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Electrochemistry

  1. Royce W. Murrayb,1
  1. aDepartment of Chemistry and Biochemistry, University of Texas, Austin, TX 78712; and
  2. bDepartment of Chemistry, University of North Carolina, Chapel Hill, NC 27599

For this special issue of PNAS, it seems appropriate to begin with a brief commentary on the path(s) leading to where the discipline of electrochemistry is today. The papers in this issue serve as a sampling of the current themes and directions; we thank the authors for their contributions. We should also point to a nice collection of historical perspectives gathered together by Leddy et al. (1).

The development of the electrochemistry discipline up to the 1960s was substantially that of the physical principles of describing electrochemical reactions and electrode reactions in which current or working electrode potential was controlled in some way. Those were aptly summarized in the classic 1954 text “New Instrumental Methods in Electrochemistry” (2). According to his introductory chapter, Delahay (2) wrote this influential text at the urging of the legendary I. M. Kolthoff, who prepared a preface to the book that stated “This book deserves a wide circle of friends.” It was indeed very influential and added impetus for (then young) researchers like Bard and Murray to enter the discipline.

The introduction of flexible electrochemical equipment in the late 1950s, particularly including instruments based on the now-ubiquitous operational amplifier, unleashed an accelerated evolution of different ways to manipulate applied currents and potentials in electrochemical experiments. This evolution included the development by Nicholson and Shain of a technique first labeled as “stationary electrode polarography” but shortly afterward as “cyclic voltammetry” (CV) (3, 4). This was a very important development, because observation of the current pattern evoked by application of a single triangular wave potential scan, repeated at varied potential scan rates, allowed the informed researcher to deduce whether the current was controlled by mass transport, affected by a chemical reaction involving either the initial reactant or the product of the forward potential sweep, and involved reaction(s) of adsorbed species, as well as whether or not the reaction was electrochemically reversible. Such an enticing bonanza of information provided by the CV experiment provoked the present and continuing use of electrochemistry by a wide circle of researchers having a multitude of objectives. For example, CV has become an important technique that complements spectroscopic techniques in studies of organic and inorganic species.

Analyses of CV responses and further probing of ever more complex and/or multiple chemical reactions accompanying electrochemical reactions encounter mathematical obstacles, centered on an inability to obtain explicit equation solutions of the mass transport processes coupled to the chemical processes. The necessity of using numerical solutions was a serious impediment until the effective aid of digital simulation was demonstrated (5) and commercial programs using implicit finite difference algorithms by Rudolph (6) in collaboration with Feldberg (7) became available.

The variety of electrochemical approaches to study chemical processes was boosted starting in the 1960s by combinations with spectroscopic measurements in which the working electrode is either optically “transparent” or highly reflecting, such that an incident light beam traverses the volume of reactant and product solution near the electrode surface (8, 9). This informs the electrochemical response with chemical structural information available from the spectra. “Spectroelectrochemistry” now encompasses a very wide range of spectral approaches that include reflectance, ellipsometry, internal reflection, surface plasmon resonance, second harmonic spectroscopy, and infrared and Raman spectroscopies, as well as X-rays. Spectroelectrochemical methods can also be devised in schemes in which the electrode reaction is monitored by the mass of its product (electrochemical quartz crystal microbalance), its magnetic properties (as in electron spin and NMR spectrometries), properties observed in high-vacuum experiments like electron spectrometry, and scanning probe methods. The book written by Bard and Faulkner (10) contains a summary of these developments.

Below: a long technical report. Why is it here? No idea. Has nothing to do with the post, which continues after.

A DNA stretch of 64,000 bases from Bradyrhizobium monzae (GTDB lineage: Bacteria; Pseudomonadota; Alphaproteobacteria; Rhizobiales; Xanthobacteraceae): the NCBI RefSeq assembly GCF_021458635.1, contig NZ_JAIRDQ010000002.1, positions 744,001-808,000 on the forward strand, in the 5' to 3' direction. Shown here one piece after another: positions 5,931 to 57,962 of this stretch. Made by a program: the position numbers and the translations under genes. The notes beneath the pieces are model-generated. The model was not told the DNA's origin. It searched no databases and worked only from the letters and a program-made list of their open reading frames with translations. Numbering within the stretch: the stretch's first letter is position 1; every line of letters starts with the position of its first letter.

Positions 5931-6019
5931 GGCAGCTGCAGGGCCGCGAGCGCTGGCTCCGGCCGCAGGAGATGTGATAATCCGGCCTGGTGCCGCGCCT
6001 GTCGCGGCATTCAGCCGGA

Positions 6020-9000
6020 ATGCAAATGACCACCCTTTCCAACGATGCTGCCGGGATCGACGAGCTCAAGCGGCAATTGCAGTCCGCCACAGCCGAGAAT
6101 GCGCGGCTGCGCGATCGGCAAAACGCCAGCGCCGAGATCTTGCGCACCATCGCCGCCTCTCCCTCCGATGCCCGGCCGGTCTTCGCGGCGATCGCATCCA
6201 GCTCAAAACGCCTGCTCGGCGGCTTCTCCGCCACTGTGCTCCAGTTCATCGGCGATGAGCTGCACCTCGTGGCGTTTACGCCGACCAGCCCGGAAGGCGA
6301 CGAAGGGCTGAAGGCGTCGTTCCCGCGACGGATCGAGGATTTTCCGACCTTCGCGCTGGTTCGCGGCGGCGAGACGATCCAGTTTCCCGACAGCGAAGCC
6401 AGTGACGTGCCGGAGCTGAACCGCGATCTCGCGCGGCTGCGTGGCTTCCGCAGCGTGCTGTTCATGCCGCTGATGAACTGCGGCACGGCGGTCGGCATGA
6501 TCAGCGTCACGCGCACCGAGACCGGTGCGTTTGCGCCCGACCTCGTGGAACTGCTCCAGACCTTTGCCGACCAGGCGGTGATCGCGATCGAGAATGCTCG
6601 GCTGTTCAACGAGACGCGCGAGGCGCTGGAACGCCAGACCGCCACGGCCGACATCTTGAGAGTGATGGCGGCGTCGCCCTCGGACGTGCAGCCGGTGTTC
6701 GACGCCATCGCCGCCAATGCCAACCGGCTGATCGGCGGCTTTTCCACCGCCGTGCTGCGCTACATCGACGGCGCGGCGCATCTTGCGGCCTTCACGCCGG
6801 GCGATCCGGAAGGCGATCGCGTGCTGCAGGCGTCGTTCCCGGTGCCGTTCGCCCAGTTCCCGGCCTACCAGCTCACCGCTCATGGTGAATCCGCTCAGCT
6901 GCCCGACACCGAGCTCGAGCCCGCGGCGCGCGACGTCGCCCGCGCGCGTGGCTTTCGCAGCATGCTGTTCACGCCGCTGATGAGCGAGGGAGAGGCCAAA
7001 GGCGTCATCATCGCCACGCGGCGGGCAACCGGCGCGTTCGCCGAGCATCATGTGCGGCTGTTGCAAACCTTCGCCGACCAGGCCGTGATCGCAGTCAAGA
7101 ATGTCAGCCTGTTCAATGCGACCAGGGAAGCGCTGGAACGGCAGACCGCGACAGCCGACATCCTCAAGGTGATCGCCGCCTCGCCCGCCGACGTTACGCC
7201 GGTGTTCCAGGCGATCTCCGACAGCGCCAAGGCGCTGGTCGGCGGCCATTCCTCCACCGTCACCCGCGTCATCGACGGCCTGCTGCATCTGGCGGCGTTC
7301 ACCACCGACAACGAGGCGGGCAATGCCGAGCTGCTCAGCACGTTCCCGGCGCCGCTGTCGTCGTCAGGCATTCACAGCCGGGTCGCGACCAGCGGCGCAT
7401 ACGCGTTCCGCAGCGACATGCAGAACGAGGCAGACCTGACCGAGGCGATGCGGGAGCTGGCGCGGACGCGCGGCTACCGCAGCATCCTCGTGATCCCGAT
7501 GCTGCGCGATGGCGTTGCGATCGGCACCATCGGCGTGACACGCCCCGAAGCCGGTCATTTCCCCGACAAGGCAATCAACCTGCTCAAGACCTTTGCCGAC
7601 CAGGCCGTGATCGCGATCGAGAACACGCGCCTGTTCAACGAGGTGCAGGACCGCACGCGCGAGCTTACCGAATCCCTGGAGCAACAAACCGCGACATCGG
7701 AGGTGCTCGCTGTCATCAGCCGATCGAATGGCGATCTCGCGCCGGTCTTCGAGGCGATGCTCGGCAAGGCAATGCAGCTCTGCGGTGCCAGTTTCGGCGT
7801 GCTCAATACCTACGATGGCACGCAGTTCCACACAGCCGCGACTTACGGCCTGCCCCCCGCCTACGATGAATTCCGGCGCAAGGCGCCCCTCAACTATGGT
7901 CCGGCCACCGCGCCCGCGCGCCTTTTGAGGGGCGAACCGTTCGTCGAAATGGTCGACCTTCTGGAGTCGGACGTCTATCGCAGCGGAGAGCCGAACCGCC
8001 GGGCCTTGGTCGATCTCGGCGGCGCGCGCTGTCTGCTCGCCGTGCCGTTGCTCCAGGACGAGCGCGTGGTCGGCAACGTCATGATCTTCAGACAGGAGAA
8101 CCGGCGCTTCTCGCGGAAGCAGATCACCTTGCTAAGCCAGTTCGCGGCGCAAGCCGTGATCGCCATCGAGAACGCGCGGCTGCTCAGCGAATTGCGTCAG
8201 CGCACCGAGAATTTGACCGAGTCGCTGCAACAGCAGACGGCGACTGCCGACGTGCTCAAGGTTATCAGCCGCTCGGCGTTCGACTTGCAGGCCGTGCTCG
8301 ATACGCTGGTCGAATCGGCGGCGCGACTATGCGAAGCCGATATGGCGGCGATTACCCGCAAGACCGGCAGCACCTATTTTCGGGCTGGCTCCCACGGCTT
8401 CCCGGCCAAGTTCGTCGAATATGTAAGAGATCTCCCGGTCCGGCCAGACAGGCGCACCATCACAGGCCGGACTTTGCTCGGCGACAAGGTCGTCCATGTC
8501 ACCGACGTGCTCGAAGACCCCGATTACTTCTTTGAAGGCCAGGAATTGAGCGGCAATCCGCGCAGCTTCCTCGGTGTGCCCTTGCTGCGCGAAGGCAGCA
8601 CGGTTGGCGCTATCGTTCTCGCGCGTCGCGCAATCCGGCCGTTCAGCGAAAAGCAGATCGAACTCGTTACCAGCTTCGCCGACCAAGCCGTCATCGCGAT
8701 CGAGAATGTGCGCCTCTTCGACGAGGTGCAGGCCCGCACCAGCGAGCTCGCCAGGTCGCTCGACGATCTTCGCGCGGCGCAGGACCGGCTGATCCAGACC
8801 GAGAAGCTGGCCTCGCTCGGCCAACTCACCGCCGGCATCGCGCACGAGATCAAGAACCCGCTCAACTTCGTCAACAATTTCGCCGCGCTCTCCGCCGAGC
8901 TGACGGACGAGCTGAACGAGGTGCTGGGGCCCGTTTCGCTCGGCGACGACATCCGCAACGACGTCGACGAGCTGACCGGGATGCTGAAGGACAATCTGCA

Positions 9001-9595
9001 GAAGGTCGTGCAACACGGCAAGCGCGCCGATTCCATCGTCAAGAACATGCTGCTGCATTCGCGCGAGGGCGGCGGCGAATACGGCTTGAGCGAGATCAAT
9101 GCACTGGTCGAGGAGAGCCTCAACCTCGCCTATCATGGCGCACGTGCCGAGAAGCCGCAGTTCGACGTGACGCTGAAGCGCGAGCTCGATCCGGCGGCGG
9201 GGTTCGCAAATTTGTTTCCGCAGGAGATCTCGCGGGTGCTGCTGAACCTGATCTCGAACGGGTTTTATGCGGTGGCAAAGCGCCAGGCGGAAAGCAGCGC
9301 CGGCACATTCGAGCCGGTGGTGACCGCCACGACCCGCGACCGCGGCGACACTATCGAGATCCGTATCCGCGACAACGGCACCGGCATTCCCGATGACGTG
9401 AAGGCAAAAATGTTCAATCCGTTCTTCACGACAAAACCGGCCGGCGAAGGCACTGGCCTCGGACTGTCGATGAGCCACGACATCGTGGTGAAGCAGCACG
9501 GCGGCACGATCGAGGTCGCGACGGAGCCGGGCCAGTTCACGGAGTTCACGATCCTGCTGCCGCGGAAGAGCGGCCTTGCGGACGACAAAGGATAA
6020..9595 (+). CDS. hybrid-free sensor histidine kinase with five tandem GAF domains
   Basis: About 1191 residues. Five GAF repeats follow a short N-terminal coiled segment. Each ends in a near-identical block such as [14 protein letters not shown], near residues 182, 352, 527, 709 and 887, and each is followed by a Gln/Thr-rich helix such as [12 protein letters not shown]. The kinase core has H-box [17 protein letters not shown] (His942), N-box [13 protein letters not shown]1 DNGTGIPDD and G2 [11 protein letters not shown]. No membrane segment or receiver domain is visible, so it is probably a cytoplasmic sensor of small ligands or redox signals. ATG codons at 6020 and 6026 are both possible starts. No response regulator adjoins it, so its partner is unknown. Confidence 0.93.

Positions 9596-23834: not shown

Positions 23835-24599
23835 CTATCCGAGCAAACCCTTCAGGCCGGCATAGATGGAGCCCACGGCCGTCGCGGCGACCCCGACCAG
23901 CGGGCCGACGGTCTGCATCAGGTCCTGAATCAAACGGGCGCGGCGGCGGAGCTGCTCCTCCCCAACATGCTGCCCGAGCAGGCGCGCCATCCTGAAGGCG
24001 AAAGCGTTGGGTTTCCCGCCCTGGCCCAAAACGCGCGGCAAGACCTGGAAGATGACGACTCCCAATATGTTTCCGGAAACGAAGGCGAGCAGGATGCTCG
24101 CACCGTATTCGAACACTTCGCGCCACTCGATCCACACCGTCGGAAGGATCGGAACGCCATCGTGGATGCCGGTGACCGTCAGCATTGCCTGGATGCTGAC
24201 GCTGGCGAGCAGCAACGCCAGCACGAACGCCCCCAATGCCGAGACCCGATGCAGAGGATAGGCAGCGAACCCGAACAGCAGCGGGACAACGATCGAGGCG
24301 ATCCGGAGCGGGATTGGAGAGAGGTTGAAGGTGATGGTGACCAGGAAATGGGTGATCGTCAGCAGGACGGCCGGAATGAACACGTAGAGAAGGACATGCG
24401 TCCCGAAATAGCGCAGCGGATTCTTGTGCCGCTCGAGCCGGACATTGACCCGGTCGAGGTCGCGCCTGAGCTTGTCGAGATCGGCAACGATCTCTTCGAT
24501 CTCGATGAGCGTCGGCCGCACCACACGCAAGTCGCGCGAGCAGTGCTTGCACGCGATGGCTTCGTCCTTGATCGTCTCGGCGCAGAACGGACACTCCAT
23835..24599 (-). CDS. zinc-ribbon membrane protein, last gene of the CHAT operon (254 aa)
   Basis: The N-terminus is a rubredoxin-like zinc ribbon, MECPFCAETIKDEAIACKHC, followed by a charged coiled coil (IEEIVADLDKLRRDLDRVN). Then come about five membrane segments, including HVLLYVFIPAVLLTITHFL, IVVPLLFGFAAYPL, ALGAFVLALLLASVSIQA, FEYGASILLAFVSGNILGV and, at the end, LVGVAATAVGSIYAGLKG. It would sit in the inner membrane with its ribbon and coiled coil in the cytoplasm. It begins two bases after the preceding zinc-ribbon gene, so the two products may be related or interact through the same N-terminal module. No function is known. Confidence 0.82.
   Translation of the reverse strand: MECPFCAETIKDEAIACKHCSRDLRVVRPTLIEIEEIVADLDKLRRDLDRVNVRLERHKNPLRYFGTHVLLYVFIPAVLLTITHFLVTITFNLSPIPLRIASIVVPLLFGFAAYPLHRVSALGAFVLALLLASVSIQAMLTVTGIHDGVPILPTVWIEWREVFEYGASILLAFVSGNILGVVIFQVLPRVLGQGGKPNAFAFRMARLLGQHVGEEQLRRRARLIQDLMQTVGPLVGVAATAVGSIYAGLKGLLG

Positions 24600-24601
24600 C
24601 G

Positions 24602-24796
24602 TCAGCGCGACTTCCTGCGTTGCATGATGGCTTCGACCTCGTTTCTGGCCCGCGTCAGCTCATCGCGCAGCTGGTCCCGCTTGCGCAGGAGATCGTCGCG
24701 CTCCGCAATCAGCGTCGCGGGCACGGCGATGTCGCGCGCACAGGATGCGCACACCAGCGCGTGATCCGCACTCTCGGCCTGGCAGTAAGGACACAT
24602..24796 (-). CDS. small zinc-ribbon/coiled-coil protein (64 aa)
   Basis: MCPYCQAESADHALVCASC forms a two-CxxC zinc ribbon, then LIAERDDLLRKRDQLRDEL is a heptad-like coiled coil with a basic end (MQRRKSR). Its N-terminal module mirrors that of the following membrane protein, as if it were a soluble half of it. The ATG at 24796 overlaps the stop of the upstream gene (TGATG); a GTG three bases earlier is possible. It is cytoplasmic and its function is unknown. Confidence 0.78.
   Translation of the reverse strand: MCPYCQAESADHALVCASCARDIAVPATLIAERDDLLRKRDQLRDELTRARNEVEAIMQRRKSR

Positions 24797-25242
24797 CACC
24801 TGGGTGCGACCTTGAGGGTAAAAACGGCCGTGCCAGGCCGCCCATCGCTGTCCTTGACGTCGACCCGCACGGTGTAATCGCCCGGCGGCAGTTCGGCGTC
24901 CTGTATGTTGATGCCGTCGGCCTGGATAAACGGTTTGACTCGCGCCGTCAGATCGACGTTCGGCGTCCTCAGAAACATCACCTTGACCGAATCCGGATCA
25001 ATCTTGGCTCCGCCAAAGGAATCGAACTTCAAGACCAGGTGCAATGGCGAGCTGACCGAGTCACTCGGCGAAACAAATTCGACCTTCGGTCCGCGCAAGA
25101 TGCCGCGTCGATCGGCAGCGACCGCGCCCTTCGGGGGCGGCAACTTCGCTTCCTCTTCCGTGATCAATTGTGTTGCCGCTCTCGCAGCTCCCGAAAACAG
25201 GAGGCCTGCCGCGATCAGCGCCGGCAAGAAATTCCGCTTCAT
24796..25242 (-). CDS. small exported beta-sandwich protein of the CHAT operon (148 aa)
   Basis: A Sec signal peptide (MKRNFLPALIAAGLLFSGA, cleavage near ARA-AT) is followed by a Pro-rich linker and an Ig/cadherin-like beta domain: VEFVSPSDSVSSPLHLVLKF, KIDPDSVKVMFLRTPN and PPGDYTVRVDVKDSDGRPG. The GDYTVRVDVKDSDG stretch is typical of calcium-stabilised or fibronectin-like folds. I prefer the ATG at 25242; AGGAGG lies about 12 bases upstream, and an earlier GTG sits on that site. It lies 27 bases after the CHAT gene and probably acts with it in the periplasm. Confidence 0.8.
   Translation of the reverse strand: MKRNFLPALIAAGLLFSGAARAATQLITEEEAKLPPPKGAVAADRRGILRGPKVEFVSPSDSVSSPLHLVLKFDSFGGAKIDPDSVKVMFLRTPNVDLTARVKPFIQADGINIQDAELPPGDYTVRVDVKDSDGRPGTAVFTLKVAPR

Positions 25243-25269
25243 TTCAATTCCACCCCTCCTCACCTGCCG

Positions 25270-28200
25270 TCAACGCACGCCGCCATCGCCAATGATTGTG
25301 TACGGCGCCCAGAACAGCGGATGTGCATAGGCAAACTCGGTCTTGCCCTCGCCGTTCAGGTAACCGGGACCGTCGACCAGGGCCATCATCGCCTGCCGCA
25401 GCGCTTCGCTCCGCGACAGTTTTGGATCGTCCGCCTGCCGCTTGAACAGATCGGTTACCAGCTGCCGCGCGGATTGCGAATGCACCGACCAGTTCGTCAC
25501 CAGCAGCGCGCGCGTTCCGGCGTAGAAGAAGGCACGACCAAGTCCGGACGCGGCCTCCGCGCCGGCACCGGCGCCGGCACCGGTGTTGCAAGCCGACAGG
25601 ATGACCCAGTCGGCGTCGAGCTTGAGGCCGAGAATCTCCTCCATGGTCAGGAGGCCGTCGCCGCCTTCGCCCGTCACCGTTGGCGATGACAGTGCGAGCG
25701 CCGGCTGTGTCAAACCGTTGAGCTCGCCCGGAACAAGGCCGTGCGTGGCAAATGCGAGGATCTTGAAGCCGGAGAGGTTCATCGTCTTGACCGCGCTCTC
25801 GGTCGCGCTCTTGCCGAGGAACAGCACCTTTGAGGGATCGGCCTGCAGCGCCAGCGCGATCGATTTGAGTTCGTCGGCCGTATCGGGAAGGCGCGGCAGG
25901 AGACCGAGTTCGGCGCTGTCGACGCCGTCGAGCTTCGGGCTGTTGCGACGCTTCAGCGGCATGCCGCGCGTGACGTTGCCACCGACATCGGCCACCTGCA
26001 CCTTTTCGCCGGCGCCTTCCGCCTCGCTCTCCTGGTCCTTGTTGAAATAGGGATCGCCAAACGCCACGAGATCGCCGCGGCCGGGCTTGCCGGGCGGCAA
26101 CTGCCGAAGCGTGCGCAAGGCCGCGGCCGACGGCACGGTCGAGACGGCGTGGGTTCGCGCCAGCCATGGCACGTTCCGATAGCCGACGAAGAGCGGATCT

A further development was small electrodes (i.e., microelectrodes), which were introduced by Adams in studying neurotransmitters in vivo and extended to even smaller sizes, sometimes called ultramicroelectrodes (UMEs), by Wightman and Fleischmann around 1980 (ref. 10, p. 169). The development of applications of UMEs was carried forward by Wightman and colleagues (11) and others to show that the combination of small currents and the associated loosening of tolerable solution resistance effects on electrochemical cell time constants, on the one hand lowered the accessible time domains of electrochemical experiments and, on the other hand broadened the scope of usable low conductivity media. It is rare today to find electrochemical reports that do not take advantage of the virtues of UMEs. Current research leads onward into the land of nanoelectrodes, where ambitions of molecule-sized electrodes can be found.

In summary, the modern world of electrochemistry has been built on a range of experimental modalities and, in regard to its methods, may be said to be approaching “maturity.” This maturity is not an end point, however, but one that enhances the ways in which new chemistry can be measured and understood. The span of chemical topics in the papers in this issue represents a sampling of that enhancement.

Electrochemical Properties of Modern Chemical Materials